Private investors and sovereign wealth funds (SWFs) in the Middle East are increasingly focusing their attention on national and regional markets, giving a boost to private capital transactions and capital invested in alternative asset classes.
Private fixed assets under management in the region grew 11% per year at the end of 2020, with an even stronger growth of 14% in cash for transactions.
This indicates a “renewed investor appetite,” according to a report by alternative asset industry data and analysis specialist Preqin. He did not give the monetary value of the assets under management.
There is also a growing emphasis on “early stage investing”, with 33 venture capital-focused fund managers establishing their presence in the region between 2018 and 2020, according to the report.
“Globally, sovereign wealth funds represent around 2% of private investor assets under management; in the Middle East, they represent 44%, ”said Preqin.
“While local SWFs have generally invested outside the region, they are increasingly moving capital towards more regionally and nationally focused investments. “
For example, the Saudi Arabia Public Investment Fund plans to more than double the value of its assets under management to $ 1.07 trillion and commit $ 40 billion annually to grow the kingdom’s economy up to ‘in 2025.
Government-linked investment vehicles made up 11% of investor assets under management in the Middle East, compared to 3% globally, according to data from Preqin.
Alternative asset classes that fall outside the scope of public procurement include private equity, private credit, venture capital, hedge funds, commodities, real estate and infrastructure.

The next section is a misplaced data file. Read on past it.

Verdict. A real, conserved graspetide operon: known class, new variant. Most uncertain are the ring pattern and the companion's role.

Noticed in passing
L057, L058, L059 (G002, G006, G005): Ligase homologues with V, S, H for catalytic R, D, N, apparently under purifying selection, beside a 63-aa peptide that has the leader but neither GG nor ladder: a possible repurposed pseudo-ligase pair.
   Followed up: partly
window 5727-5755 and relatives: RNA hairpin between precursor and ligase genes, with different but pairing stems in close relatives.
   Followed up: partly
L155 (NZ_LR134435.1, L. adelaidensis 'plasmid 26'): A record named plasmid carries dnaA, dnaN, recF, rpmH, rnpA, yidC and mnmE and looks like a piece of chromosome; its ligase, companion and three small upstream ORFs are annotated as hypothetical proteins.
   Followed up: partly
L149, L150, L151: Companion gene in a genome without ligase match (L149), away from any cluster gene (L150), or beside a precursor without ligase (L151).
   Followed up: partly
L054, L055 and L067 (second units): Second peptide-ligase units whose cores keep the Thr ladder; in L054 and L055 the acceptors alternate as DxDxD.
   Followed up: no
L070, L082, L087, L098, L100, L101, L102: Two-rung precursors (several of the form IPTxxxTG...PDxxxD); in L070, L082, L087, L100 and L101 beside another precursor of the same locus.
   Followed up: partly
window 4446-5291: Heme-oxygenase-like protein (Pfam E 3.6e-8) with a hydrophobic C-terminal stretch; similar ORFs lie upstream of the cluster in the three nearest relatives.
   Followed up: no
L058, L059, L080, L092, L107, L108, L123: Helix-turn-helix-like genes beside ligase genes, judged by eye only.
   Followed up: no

The industry has grown rapidly in recent years, with private markets and alternative assets registering compound annual growth in ‘low-teens’, according to Bahrain-based alternative asset manager Investcorp, which plans to double its assets under management to $ 75 billion. in the next five to seven years.
The region’s two main economies, Saudi Arabia and the United Arab Emirates, have led the growth in investment in alternative assets.
The United Arab Emirates, the commercial and financial center of the Middle East, led their regional peers in attracting new fund managers. It is currently home to 46 percent of all investment managers in the region, followed by Saudi Arabia at 24 percent.
The UAE is also home to more investors than anywhere in the region, with 40% based in the country. Kuwait has also fostered a growing base of fund managers, with active growth throughout the 2000s, according to data from Preqin.
Alternative asset managers in the Middle East “are also riding the risk spectrum overall, adopting venture capital strategies and encouraging innovation to drive growth beyond private markets,” according to the report. .
The overall value of venture capital transactions in the Middle East increased significantly in the third quarter of this year and increased by more than 300% from the second quarter of this year, he said without giving a value.
“The software, internet and financial services industries make up the majority of venture capital activity in the Middle East,” Preqin said. “This success helps the region develop its alternative investment industry by attracting capital from international investors, setting a precedent that will shape the future of alternatives in the region.”
As Middle Eastern economies recover from the coronavirus-induced downturn, governments are stepping up efforts to develop the service sectors of their economies and invest more in the renewable energy sector, which has opened up new avenues for development. investment for fund managers, according to the report.
The aggregate value of renewable energy deals in the Middle East between 2011 and 2021 reached $ 13 billion, with more than 60% of those deals executed since 2017.
“It will be the reinvestment in national economies; some states in the Middle East will seize this revenue opportunity by investing through innovative sectors, ”said Alex Murray, vice president of research at Preqin.
Update: November 17, 2021, 4:40 a.m.